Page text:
Professionalism: Six Ways to Impress

Lauren Phillips – ENG-PWR & Creative Writing ’16


laurenMerriam-Webster defines professionalism as “the skill, good judgment, and polite behavior that is expected from a person who is trained to do a job well.”


My favorite part of this definition is that it says proper behavior is expected from a trained worker—the two don’t necessarily always go together. A person who learns how to do a job well doesn’t automatically gain appropriate behaviors to accompany those job skills, which is something many of us (myself included) could stand to remember. In modern workplaces, rules and standards have loosened (napping at work, anyone?), along with the barriers between work and home. People may be able to take their work home with them now, but that doesn’t mean they can bring their behaviors at home to work. Learning how to behave in a workplace can be as important as learning how to complete job-related tasks. Your boss won’t be impressed with your latest project if you swear a few times while presenting it.


There’s a place for every behavior, but your office probably isn’t the best place to share that joke you heard at the bar last weekend. Remember that you are a professional, and as such should act one. Interns should be even more mindful of this: you should want to impress your supervisors. Show them that you’re not just another college kid pretending to be a grown-up for the summer. Keep these 6 tips in mind, and you’ll be well on your way to impressing everyone in the office with your work and your attitude.


  1. Pay Attention


It may be difficult to focus on one person while your phone is buzzing with new tweets and there’s something happening behind her and you’re already thinking about lunch, but showing true interest in what someone has to say shows respect. Not only will you impress her, but you can also pick up a few new ideas, or even opportunities. If you’re having a hard time focusing on just one person, try these tips.


  1. Keep Private Things … Private


It’s okay to share some things, like an engagement or a family death, with your coworkers, but not everything qualifies as appropriate workplace conversation. Money, for example. Don’t mention your college debts or how much (or little, if you’re an intern) you make. It’s different if you work with your best friend, but if you’re just starting a new job or don’t know your coworkers very well, it’s best to stick to more casual conversations. Check out this list of topics it’s better not to mention.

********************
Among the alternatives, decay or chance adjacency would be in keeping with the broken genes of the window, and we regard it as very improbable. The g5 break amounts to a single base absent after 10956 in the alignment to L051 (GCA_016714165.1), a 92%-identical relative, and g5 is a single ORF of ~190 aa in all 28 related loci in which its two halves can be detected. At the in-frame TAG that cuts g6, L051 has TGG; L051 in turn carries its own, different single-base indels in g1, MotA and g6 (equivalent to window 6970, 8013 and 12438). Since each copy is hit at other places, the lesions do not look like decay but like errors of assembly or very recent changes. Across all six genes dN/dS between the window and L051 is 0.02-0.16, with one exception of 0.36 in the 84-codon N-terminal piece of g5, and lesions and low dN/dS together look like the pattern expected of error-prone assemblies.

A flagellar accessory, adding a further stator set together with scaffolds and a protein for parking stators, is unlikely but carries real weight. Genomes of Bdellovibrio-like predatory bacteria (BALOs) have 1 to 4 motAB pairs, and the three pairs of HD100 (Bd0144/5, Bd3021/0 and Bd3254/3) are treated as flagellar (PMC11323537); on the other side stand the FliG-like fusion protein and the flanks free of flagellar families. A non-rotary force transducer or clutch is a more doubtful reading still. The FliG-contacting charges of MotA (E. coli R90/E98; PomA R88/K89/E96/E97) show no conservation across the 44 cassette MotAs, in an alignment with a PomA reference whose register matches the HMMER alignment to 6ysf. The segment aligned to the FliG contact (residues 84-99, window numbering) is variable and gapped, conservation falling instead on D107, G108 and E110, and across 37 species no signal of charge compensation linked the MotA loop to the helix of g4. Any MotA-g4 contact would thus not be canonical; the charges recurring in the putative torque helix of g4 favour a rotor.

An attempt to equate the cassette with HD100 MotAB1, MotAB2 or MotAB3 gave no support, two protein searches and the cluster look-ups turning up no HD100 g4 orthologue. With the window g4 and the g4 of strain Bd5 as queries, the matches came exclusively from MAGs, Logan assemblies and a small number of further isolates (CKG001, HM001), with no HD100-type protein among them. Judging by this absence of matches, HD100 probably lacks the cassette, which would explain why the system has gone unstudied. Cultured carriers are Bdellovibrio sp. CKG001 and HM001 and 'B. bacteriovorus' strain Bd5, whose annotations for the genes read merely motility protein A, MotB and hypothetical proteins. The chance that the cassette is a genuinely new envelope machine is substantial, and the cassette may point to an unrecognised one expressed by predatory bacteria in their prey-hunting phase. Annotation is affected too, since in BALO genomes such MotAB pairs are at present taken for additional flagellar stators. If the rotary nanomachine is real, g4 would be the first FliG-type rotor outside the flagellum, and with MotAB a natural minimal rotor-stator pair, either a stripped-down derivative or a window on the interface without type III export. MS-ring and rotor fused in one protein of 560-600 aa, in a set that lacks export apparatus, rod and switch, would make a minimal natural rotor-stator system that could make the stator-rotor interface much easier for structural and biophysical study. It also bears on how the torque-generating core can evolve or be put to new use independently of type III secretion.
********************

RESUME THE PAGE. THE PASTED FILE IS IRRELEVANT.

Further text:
1. Dress Well


This may seem obvious, but, somehow, many people still forget how important appearances are. It may be superficial, but the fact is, people still judge others based on their appearances. This doesn’t mean you need big-screen worthy good looks and a wardrobe straight from the runway, but you should put some effort into your appearance. This includes ironing, knowing how to tie a tie (if applicable), and some sort of hairstyling. If you dress professionally, that’s one step closer to establishing professional behaviors.


  1. Watch Your Attitude


That may be something your parents used to tell you, but it holds true. A positive attitude shows you’re interested and engaged in what you’re doing. Your coworkers will be more likely to approach you with opportunities and for help, and people will like you more. Even if you’re having a bad day/week/month or you’re in a terrible mood, at least try to suppress those deep, boredom-induced sighs.


  1. Don’t Be Rude


Remember that you’re not the only person in the office, and that office etiquette matters. Even if you don’t know everyone by name, it never hurts to smile at the people you pass in the hallway or bump into in the break room. Also, be conscientious of the people around you. Keep your desk clean, avoid bringing bad-smelling foods in, and don’t blast your music. Behaving politely goes along with a good attitude: coworkers will like you more, and that can make a work experience ten times better.


  1. When in Rome …


Lastly, always be conscious of how your coworkers behave. If the office has a relaxed atmosphere, you probably don’t have to wear heels every day. Don’t add a “ma’am” or a “sir” onto the end of every sentence if no one else in the office is that polite. The key is to fit in. It’s always better to be overdressed than underdressed, but after a week or so in a new office, you should be able to judge how most people dress and behave. Mimic them, and you’ll be fine.


Professionalism isn’t a simple quality to achieve. The qualities that make one a professional can vary between industries or even between offices and are always adapting to match technological advancements. Still, it’s important to behave like you know what you’re doing. No one will depend on someone who has a bad attitude about his or her job, so if you want to move forward in your field, professionalism is the key.

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One Comment

  1. Posted November 2, 2014 at 8:37 pm | Permalink

    I definitely agree with your tips. Maintaining a positive attitude is a very important part of being professional and likeable.